Got Iron Deficiency? Everything You Need to Know About Iron
Understanding iron can be confusing at times since there are multiple markers that are looked at to define our iron status. As IBD patients, we know that our condition can lead to multiple nutritional deficiencies, including iron deficiency with or without anemia.
There are many questions concerning the role that iron plays, what labs should be measured, and how to correct deficiencies. Today we will cover all of these questions and more!
What Is Iron & Why Is It Important?
Iron is a mineral that is consumed in our diets and has many essential functions, like carrying oxygen and maintaining growth and development. The body keeps close tabs on iron because excess can be toxic, so iron stores are tightly regulated.
Other important roles of iron include:
- Physical growth
- Neurological development
- Cellular functioning
- Synthesis of hormones
How Much Iron Do I Need?
The Recommended Dietary Allowance (RDA) for women between the ages of 19-50 years of age is 18 mg per day while the RDA for men is 8 mg per day. These recommendations can fluctuate depending on the person and their individual needs.
How Does Iron Get Low?
Iron levels become low with conditions that cause blood loss, including IBD and other digestive disorders. There are other conditions that cause low iron levels by way of increased demand including:
- Certain medications
- Chronic illnesses, like IBD
Which is why, for example, a woman who is menstruating or is of child-bearing age is recommended to have higher amounts of iron compared to the general population.
What Is The Difference Between Iron Deficiency and Iron Deficiency Anemia?
Iron deficiency is when there is a lack of dietary iron or when the body’s iron needs are greater than what is available, ultimately leading to a deficiency. Conditions such as chronic inflammation and lower iron absorption rates can lead to iron deficiency.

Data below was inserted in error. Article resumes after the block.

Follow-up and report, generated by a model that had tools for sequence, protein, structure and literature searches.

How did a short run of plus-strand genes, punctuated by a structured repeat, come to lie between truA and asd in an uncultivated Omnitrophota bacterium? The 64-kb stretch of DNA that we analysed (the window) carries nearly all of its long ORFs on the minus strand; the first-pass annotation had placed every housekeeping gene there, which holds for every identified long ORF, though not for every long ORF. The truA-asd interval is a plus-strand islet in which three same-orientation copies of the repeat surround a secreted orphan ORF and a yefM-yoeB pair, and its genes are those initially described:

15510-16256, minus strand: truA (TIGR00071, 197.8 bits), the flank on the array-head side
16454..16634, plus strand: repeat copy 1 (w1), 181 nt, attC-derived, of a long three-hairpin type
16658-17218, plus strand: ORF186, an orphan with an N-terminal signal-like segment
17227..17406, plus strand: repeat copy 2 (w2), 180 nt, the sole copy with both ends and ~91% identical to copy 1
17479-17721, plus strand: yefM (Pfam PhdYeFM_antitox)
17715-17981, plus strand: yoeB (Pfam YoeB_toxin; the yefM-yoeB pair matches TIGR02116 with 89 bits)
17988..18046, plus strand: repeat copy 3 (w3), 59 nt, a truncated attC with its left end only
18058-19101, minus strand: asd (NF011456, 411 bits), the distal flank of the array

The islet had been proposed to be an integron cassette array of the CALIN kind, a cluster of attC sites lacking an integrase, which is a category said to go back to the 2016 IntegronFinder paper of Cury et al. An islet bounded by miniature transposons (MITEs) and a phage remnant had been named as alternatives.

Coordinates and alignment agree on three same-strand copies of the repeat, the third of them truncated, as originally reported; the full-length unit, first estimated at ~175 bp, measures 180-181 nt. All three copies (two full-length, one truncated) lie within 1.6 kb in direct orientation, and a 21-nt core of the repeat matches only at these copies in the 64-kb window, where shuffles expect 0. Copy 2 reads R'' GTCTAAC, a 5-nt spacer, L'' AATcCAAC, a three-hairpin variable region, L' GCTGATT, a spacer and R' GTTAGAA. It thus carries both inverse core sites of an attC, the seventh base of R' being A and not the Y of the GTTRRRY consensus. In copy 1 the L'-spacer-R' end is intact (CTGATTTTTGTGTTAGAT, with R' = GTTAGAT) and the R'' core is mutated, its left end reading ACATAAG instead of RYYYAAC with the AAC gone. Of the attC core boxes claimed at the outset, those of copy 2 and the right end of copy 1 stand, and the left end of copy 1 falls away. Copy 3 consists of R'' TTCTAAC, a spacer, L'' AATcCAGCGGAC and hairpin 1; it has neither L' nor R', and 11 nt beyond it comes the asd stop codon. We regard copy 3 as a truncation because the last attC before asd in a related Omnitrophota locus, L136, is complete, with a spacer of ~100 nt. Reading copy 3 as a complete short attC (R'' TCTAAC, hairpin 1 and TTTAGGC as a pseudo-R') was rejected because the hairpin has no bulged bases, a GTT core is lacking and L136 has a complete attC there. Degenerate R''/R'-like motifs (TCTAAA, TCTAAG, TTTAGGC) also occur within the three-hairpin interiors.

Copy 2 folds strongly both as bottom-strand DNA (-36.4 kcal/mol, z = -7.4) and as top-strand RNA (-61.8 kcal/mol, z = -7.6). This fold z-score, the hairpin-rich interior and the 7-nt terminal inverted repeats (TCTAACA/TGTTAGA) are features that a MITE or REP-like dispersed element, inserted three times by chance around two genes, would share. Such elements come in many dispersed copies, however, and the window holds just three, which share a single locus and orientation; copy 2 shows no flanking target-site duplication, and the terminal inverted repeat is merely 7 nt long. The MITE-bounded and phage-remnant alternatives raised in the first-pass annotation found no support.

Transferrin tends to be higher and transferrin saturation is lower when iron deficiency is diagnosed.
Iron deficiency anemia is when the body is unable to make enough iron and thereby lowering hemoglobin levels. Red blood cells will also become smaller in shape and lighter in color. In some of these cases, depending on the root cause of the deficiency, iron supplementation is recommended.
What Are The Complications of Iron Deficiency and Anemia?
Iron deficiency and Iron Deficiency Anemia is a very common occurrence in IBD that contributes to overall symptoms like:
- Chronic fatigue
- Shortness of breath
- Pale skin
- Brittle hair and nails
- Changes in body temperature
- Chest pain
How Do I Interpret My Lab Work?
It is common for your doctor and dietitian to check different iron levels to determine overall status, but what does it all mean?
Common labs on an iron panel alongside a complete blood count (CBC) include:
Iron is stored in the body as ferritin and is delivered throughout the body by transferrin (a protein in blood that binds to iron). Most of the 3-4 g of elemental iron in adults is in hemoglobin. Hepcidin, a circulating peptide hormone, is the key regulator of both iron absorption and the distribution of iron throughout the body. Serum ferritin, a marker of iron storage, then helps us determine if you have too much or too little iron in the body.
Here is a quick reference guide for what each marker represents:
- Serum ferritin = level of ferritin in the blood, how much iron your body stores
- Ferritin = a blood protein that contains iron, an acute phase marker, meaning that it may reflect changes in iron status before changes in total iron (a more robust or chronic marker); iron is stored in the body as ferritin
- Percent saturation = checks how many places on your transferrin that can hold iron are actually doing so; normal values are between 15% and 50%.
- Transferrin = a blood-plasma glycoprotein, which plays a central role in iron metabolism and is responsible for ferric-ion delivery. Transferrin functions as the most critical ferric pool in the body. It transports iron through the blood to various tissues such as the liver, spleen, and bone marrow